The Green movement is encouraging the use of energy efficient technologies such as solar cells. This technology has been met with resistance due to its slow return on investment. This is coupled with the challenge of the efficiency of the material used. Reducing the cost of manufacturing solar cells is largely influenced by production efficiencies as well as the type of photovoltaic materials used. Manufacturing efficiencies have been addressed through high speed, nearly fully automated production processes from handling of the panels, deposition of materials, to final packaging. The use of cost effective photovoltaic materials, however, represents a real dilemma. The lower cost deposition materials are less efficient, whereas the higher efficiency materials cost more and can possess carcinogenic elements that are federally controlled.
The solar cell manufacturing community, although addressing more efficient and environmentally safe materials, has concentrated on reducing costs through automated processes. This requires methods that are consistent and reliable. The risk of these operations, however, is that they can produce a large quantity of low cost, high quality material or, just as quickly, they can produce substandard panels.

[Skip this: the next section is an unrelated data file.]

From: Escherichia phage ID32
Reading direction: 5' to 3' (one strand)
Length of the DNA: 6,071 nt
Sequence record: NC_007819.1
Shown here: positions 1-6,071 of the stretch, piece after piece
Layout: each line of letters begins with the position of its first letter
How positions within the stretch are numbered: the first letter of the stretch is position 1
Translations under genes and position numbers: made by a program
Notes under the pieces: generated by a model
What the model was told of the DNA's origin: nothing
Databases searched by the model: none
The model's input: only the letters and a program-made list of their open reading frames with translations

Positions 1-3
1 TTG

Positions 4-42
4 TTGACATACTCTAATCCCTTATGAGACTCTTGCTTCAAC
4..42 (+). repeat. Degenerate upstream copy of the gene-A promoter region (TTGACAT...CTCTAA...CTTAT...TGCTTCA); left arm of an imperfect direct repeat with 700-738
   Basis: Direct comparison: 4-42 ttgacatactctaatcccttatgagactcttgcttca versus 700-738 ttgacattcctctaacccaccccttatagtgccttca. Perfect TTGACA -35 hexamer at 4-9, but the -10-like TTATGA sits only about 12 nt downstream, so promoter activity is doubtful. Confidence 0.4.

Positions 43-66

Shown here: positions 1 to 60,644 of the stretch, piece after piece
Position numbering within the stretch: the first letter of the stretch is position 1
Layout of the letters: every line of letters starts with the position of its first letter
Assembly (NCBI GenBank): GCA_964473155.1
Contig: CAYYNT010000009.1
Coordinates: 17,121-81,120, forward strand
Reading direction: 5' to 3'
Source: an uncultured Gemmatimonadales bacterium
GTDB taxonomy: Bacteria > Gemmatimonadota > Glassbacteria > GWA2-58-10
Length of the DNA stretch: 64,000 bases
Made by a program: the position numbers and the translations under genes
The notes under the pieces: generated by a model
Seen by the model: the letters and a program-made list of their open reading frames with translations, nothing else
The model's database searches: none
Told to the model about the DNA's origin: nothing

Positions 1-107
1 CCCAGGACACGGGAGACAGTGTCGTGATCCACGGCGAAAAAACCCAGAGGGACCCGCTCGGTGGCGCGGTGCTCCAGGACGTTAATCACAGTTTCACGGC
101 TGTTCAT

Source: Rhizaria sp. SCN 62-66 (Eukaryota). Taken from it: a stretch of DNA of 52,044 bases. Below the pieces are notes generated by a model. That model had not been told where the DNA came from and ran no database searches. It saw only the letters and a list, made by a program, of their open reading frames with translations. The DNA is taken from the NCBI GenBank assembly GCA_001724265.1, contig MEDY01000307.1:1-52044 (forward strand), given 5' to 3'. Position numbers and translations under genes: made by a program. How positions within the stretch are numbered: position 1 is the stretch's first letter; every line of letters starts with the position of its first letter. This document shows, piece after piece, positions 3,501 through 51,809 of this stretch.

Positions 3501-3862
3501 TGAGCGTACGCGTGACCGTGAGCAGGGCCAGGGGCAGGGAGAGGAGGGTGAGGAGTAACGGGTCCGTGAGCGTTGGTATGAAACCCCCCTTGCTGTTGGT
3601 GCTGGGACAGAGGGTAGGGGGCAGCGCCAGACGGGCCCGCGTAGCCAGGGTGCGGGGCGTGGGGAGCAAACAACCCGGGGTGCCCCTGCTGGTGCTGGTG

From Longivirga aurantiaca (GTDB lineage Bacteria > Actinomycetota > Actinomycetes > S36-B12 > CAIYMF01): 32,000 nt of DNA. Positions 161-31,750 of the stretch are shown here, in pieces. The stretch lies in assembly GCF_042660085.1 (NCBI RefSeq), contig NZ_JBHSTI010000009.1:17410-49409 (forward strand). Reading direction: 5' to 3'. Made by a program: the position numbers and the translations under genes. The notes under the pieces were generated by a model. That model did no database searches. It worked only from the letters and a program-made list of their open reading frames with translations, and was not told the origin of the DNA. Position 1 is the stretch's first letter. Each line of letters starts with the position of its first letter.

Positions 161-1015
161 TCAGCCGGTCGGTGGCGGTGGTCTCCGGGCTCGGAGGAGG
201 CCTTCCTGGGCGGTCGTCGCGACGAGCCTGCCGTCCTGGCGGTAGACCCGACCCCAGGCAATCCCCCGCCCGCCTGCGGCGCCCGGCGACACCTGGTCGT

One aspect of the manufacturing process that is critical is the scribing of the photovoltaic material on the individual cells on the large panels. Lasers have proven to be highly reliable, consistent, and predictable in their production results. In this high speed manufacturing arena, lasers can easily keep up with production, are silent to use, and typically contribute to a clean manufacturing environment. Manufacturing lasers requires monitoring the laser beam quality and laser power measurement.
To read the rest of Dick Rieley’s article, please visit the following address:
You might also like to read: Laser beam profiling- a key for “solar revolution”
CO2DivergentEnergy SensorsExcimerFiber LaserHigh EnergyHigh PowerHigh Power DensityIndustrialIRLarge BeamLaser DiodeLEDLow PowerMedicalMetersOEMPC InterfacesPower MeasurementPower SensorsPulsedResearchSmall BeamSoftware (Power Measurement)THzUVVisible LightYAG